Blog: The world's gone bananas
Dean Best | 20 April 2007
If you are a retailer here in the UK, green is without doubt the colour to be seen in as the summer season approaches. The list of initiatives by our major food retailers as each tries to outdo the other for environmental credentials goes on – and long may it do so.
The latest was an announcement this week from Sainsbury’s. The UK's third-largest supermarket will ban disposable plastic carrier bags in its stores for a single day next week. Instead it plans to give its customers bags made from 100% recycled material - which usually cost 10p - for free.
Inevitably, there are cries from sceptics that these moves are nothing more than window dressing or cynical attempts to cash in on the growing interest in green issues. They point out that there are still major problems to address, not the least of which is the vast quantity of packaging waste created by supermarkets.
So it was with vast dismay that I walked in to my local Morrisons this week to buy lunch and found that the retailer is pre-packing single bananas in cardboard bases and cellophane tops.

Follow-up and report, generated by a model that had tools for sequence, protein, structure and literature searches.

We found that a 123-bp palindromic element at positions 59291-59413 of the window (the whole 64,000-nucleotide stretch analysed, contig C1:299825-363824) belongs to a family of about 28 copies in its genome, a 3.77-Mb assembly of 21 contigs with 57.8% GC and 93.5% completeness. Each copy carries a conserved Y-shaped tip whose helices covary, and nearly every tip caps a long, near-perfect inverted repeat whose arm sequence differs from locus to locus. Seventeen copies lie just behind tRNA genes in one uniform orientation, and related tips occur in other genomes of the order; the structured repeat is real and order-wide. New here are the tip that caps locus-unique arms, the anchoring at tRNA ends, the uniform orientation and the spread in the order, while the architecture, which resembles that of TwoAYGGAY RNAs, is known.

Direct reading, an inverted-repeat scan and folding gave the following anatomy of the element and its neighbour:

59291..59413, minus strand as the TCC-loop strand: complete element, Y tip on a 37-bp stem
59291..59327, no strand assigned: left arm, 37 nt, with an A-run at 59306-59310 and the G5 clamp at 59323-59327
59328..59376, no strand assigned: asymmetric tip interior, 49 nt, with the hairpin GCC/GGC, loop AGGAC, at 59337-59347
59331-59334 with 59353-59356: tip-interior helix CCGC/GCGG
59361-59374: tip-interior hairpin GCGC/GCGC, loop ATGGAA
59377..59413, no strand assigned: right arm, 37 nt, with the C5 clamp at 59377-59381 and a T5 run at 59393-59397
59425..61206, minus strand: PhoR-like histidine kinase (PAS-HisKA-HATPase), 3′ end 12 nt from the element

Take a moment to think through the ridiculousness of this. The banana by its very nature is one of the few items among Morrisons’ vast array of products that already comes packed up by Mother Nature.
When I pointed this out to the poor girl weighing up the bananas to price up bunches – a bunch of bananas still comes packaging-free – I was met with blank stares. Indeed it took her supervisor to explain to me that it was done because unpackaged, single bananas were far too untidy.
Oh yes! I can now remember my disgust last time I walked into my greengrocer and found all those bananas lying on the shelf unpackaged – it was chaos and they were crying out for the order that all that man-made plastic and cardboard brings.
I shudder to think where it will end, and am fully expecting to find my grapes individually wrapped and the bunch boxed in the latest easy-open Tetrapak.
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The BBC turned to just-food today for insight on the price dispute between Tesco and Unilever....
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